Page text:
How to get a child with autism to talk (even if you’ve been told he never will)

Over the years I’ve seen parents and professionals calling a child nonverbal, with a lot of emphasis on augmentative communication devices, and no emphasis on vocal language. And today, I’m going to talk about how I never give up on vocal language, and how to get a child with autism to talk.

When I’ve done evaluations in the past, I read that a child or a teen is nonverbal, and on augmentative communication systems, and are having problem behaviors. And when I inquire about whether or not the child does have any spoken language, I get things like, “Oh yeah, he can say Mom, or he can say Mama, or he can say hi,” but everything else is pretty much on his device, or on some kind of augmentative communication system.

One particular evaluation, probably one of my last independent evaluations, was a teenager who was living in a residential placement and going to an approved private school. He was 16 or 17 years of age, and he was labeled nonverbal. He’s on an augmentative system, and obviously having a lot of problem behaviors if he’s in a residential placement. I’m was called in to do an independent evaluation.

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And what I found was this teen did have a little bit of vocal language. He could say Mama. He could say bead.  But, it wasn’t completely clear. When I observed him, he could also sing little songs, hum music, fill in the blanks to some songs, and most of his requesting or manding was actually with his vocal language.

One of the things I talk about right away when I see kids with any kind of babbling, sounds, or word approximations, is that we don’t want to just throw in the towel in terms of vocal language. We want to look at ways where we can improve, because if a child can vocally mand for something, it’s just so much easier. There is less response effort for the child and much more speedy to get a response.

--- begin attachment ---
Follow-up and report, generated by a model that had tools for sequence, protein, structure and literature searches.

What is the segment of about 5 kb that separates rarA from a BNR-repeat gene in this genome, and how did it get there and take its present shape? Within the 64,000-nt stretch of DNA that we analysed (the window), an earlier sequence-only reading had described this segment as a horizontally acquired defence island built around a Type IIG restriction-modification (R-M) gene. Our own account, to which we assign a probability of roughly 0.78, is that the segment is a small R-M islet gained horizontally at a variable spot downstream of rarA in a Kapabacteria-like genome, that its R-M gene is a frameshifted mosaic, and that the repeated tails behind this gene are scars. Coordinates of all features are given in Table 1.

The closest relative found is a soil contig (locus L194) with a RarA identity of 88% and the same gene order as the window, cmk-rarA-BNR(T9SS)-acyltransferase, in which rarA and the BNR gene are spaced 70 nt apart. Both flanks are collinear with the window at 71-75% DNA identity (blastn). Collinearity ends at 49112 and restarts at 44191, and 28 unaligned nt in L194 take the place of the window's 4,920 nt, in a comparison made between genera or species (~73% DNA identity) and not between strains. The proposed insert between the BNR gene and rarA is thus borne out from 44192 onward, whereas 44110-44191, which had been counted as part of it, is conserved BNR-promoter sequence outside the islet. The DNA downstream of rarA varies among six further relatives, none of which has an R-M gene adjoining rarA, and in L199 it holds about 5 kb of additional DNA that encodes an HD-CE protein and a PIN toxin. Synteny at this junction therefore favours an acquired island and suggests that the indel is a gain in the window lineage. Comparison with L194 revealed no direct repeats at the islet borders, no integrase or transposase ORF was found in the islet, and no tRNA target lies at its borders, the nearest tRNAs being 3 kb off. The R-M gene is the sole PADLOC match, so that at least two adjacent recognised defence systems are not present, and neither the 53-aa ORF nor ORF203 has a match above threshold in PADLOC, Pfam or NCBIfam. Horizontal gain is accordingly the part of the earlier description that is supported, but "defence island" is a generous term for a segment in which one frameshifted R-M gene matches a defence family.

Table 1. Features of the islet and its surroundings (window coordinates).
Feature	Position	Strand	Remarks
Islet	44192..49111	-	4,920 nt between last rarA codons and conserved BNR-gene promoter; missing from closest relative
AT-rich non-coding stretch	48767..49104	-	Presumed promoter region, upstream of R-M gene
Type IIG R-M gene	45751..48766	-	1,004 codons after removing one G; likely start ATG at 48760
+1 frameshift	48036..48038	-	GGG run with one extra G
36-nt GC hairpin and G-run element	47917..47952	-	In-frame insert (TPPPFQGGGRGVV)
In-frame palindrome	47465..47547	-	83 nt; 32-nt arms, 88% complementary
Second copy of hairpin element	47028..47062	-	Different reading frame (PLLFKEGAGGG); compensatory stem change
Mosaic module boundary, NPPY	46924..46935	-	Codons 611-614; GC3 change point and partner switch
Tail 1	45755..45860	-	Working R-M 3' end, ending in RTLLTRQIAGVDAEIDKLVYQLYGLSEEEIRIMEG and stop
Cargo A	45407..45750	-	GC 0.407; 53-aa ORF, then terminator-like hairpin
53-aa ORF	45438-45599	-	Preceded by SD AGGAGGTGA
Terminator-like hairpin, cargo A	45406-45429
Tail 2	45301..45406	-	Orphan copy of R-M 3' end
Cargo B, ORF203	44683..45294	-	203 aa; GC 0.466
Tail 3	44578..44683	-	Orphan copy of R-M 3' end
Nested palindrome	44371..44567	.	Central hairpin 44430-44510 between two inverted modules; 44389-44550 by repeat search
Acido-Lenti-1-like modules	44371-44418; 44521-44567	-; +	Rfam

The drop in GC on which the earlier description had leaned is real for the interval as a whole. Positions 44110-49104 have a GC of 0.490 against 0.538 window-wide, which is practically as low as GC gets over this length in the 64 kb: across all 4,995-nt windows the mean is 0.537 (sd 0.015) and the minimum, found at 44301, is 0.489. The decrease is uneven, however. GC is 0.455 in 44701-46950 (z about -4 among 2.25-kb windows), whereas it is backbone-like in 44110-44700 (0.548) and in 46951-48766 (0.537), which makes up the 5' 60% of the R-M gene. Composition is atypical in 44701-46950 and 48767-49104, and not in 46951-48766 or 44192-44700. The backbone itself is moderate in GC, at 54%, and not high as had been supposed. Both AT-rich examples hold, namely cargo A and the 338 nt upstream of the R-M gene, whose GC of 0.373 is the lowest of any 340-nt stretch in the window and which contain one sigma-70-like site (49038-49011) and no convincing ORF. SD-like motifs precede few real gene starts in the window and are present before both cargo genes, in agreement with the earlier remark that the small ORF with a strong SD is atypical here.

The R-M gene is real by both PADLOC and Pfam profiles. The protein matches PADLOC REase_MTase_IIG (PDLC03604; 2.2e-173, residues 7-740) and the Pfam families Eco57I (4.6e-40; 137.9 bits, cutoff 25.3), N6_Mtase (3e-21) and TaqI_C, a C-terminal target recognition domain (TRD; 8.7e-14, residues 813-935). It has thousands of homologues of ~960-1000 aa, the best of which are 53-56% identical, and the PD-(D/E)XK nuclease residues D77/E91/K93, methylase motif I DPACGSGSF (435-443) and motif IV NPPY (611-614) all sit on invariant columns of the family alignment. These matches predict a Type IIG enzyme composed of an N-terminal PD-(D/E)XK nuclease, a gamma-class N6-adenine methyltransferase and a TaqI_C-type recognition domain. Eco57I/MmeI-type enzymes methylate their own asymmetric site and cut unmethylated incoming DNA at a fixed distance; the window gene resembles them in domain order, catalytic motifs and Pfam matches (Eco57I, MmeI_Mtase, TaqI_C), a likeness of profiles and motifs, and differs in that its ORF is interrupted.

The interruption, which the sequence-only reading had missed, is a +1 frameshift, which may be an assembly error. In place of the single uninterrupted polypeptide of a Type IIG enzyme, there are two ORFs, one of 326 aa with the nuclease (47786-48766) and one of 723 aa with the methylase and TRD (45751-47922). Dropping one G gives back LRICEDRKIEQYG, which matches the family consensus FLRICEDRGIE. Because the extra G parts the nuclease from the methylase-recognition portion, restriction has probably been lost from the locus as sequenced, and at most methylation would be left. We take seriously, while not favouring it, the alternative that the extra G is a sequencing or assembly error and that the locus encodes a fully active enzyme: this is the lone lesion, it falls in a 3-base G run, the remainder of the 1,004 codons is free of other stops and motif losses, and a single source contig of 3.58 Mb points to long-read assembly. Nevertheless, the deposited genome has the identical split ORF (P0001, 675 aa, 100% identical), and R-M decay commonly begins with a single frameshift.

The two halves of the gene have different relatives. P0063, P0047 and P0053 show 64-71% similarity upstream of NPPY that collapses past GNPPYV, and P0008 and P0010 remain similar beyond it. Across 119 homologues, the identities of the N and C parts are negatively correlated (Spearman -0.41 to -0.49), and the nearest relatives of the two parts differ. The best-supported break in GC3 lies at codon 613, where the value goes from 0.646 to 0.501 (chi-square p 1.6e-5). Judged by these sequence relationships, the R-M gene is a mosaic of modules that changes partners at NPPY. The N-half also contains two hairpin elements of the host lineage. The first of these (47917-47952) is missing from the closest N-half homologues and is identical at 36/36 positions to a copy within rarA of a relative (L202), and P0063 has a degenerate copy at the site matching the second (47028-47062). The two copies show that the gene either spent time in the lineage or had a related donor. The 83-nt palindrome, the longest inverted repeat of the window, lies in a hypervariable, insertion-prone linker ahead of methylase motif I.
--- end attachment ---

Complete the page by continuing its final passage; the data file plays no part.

So, with this teen, we also looked at his ability to drink from an open cup, or from a straw. Right away, I saw him drinking from a water bottle, and water’s just spilling out of his mouth. It appeared that he had low muscle tone, so I asked the staff, “Does he ever drink out of a straw?” Which would be also better in terms of spilling, but also better in terms of improving oral motor movements, and just maybe the ability to shape up his articulation a little bit more. He was able to drink out of a straw, which was a great first step, and I pointed out that he had word approximations and spoken words that everyone could understand for several different items.

I do believe that we need to focus more on vocal language. One of my online course members, Anna, bought my online course a couple of years ago when her son was 10 years old. Like this other teen that I’m talking about, her son only had a few words, and the staff was focusing on an augmentative system. With the techniques that Anna learned in my program, she was able to teach Nick to say hundreds of words, with pretty good articulation. So, I would never rule out the ability to have vocal language.

We have another member of our online community who is getting a teenager, who was previously completely nonvocal, speaking in short word approximations and words. So, I’m always a big proponent of assessing and making a plan to improve vocal speech, if at all possible.

You can get more tips and my brand-new three-step guide by download my new three-step guide to help you turn autism around, for a toddler or a teen with autism, and I hope that you will leave me a comment, download my free guide and I will see you next week.

Ready to learn more and turn things around for your child or client with autism? Sign up for my free 3-step guide!
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